California Farm Employment: 2019 versus 2020
February 24, 2021
What happened to farm employment and farm workers during the covid pandemic of 2020? California has comprehensive data on farm employment, but two major data sources present different pictures.
The demand for farm workers was similar in 2019 and 2020. Shipments of selected US-produced fresh fruits and vegetables were down slightly in 2020 compared with 2019, reflecting less demand from food service and restaurants as well as fewer shopping trips and some consumers preferring processed to perishable foods.
There were fears of farm labor shortages in 2020 due to workers with few savings going to work while sick and spreading covid to fellow workers and bringing it home to families in often-crowded housing. A number of state laws and programs were enacted to ensure the safety of farm workers, including requirements that employers provide paid sick leave to sick employees and those who cannot work because of the need to care for children due to closed schools or to care for sick family members.
There were covid outbreaks in some meat and food processing plants, and among H-2A workers housed in motels, but fewer than some predictions of widespread covid outbreaks that would leave employers scrambling for workers. Housing for the Harvest, a state program that relied on FEMA money to provide hotel rooms to agricultural workers who test positive or were exposed to the virus, attracted few farm workers.
Some workers reported that they obtained fewer hours of farm work in 2020, leaving them with fewer savings to live during the winter months when there is less farm work available, because crews were larger. Advocates urged state and local governments to ensure that both legal and unauthorized workers have access to safety net programs.
California requires almost all agricultural employers to report their employment for the payroll period that includes the 12th of the month when paying unemployment insurance taxes. These monthly employment numbers are summed and divided by 12 to determine average agricultural employment that is reported in the Quarterly Census of Employment and Wages. The QCEW reported that average agricultural employment fell 15 percent from 424,000 in 2019 to 360,200 in 2020.
It is not clear how much of this decline reflected lower farm employment in 2020 and what share was due to employers not reporting employment data in a timely way. The gaps between 2019 and 2020 employment levels were greatest in November and December, when remote working arrangements were presumably stabilized.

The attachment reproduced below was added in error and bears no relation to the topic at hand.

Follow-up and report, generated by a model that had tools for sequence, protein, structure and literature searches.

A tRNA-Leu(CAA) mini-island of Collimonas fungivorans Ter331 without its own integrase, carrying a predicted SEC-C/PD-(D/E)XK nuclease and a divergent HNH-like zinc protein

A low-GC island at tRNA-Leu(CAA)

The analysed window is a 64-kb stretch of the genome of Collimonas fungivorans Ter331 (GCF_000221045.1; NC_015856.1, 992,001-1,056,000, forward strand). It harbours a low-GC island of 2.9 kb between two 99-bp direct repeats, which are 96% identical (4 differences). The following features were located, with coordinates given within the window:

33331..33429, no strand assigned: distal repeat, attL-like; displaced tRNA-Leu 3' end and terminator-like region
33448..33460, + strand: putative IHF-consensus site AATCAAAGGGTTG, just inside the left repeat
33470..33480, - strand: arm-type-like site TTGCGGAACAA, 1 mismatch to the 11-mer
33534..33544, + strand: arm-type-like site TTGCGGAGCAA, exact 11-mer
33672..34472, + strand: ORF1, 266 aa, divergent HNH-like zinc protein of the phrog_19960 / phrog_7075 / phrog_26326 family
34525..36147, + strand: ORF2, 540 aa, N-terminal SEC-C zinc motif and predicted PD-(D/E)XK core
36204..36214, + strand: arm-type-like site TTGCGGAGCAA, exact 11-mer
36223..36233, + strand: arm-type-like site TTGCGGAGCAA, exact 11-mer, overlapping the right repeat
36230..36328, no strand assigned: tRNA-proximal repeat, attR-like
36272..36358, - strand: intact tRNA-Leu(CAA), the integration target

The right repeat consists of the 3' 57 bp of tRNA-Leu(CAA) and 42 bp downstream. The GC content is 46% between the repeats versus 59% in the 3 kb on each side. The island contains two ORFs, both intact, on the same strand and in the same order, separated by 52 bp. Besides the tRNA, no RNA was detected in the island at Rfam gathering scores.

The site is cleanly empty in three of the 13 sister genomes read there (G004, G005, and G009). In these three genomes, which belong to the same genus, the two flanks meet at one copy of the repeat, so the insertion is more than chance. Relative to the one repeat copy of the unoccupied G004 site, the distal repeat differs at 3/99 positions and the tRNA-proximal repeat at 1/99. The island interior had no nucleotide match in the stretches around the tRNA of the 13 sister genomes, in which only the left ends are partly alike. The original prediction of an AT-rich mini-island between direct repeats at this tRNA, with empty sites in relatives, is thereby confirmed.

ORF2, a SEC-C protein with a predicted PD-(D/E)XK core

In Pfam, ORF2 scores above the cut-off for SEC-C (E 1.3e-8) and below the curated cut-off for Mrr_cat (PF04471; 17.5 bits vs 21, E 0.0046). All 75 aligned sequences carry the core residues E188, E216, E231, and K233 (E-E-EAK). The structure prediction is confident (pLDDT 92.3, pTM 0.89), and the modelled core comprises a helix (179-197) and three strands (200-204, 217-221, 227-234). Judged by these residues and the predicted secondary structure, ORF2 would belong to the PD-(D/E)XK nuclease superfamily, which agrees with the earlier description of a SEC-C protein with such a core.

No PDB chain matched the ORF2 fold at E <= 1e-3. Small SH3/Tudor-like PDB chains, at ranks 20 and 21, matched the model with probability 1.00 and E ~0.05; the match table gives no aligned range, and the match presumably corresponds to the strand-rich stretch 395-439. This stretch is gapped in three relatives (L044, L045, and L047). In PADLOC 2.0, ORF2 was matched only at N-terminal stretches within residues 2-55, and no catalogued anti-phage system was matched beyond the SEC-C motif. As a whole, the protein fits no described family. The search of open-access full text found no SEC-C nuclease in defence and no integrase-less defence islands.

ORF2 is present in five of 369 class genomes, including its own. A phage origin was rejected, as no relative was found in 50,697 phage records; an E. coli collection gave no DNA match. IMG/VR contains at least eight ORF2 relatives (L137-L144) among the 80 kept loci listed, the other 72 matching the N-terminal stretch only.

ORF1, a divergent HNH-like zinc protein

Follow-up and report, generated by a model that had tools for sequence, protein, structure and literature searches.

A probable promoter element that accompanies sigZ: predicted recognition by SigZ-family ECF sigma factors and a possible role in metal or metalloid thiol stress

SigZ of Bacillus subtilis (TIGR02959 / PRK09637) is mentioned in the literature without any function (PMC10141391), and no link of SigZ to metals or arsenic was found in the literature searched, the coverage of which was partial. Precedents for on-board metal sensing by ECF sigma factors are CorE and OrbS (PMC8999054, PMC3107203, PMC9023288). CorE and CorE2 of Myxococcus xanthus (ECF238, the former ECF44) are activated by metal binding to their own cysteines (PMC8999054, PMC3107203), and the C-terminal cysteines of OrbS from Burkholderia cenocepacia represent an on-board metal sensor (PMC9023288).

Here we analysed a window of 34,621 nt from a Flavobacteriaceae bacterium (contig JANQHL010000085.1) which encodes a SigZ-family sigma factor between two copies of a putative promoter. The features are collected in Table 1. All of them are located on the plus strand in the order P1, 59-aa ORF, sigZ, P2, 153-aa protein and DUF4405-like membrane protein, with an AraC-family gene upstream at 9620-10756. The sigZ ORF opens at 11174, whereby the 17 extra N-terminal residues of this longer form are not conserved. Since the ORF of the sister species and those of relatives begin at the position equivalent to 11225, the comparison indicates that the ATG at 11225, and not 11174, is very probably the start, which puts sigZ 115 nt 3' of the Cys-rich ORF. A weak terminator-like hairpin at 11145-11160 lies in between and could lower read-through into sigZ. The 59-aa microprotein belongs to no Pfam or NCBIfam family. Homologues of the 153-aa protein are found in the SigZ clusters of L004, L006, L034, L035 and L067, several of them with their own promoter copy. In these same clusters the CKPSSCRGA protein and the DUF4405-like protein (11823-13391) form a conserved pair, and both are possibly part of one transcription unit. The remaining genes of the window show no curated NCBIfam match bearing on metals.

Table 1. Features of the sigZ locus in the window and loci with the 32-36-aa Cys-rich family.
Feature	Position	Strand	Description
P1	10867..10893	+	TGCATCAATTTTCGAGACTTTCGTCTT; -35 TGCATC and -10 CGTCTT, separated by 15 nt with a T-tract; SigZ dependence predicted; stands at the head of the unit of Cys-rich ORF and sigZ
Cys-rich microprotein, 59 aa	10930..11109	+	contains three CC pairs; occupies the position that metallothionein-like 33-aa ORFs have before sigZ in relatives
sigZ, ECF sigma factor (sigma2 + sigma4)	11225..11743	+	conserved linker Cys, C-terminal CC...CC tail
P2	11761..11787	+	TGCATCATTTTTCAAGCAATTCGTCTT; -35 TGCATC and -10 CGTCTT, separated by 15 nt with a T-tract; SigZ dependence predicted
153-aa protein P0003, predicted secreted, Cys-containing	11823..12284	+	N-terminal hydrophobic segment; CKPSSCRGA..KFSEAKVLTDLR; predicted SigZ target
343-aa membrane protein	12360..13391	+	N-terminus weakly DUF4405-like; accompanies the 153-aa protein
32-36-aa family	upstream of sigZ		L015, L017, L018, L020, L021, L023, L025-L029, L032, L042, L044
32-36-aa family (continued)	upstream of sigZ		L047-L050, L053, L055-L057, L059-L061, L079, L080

California’s average agricultural employment was 15% lower in 2020 than in 2019
The gap between average agricultural employment in 2019 and 2020 was largest in Monterey county and smallest in Fresno county. It is not clear why average agricultural employment fell 23 percent in Kern county but only three percent in Fresno county.
Agricultural employment fell more in Monterey county than in Fresno county
California’s Employment Development Department also collects agricultural employment and earnings data from a sample of farm employers in conjunction with USDA’s NASS Farm Labor Survey. EDD reports the data by NAICS and area, while the FLS reports only statewide data. These data tell a different story about farm employment in 2019 and 2020.
The EDD data show no change in agricultural employment between 2019 and 2020 for the first half of 2020, after which EDD data report higher agricultural employment in 2020 than in 2019. Employment data for directly hired crop workers (NAICS 111) and crop support workers (NAICS 1151) show a similar pattern, that is, the same level of employment in the first six months of 2019 and 2020, and higher employment during the summer and fall of 2020 than of 2019.
Sample Agricultural Employment is higher in 2020 than in 2019
Average is for Jan-Oct of each year
The QCEW data should be a census of agricultural employment, and thus more reliable than the EDD-FLS sample data. Farm employment data are revised as late employment reports are received, but the QCEW suggest the first significant decline in agricultural employment in decades.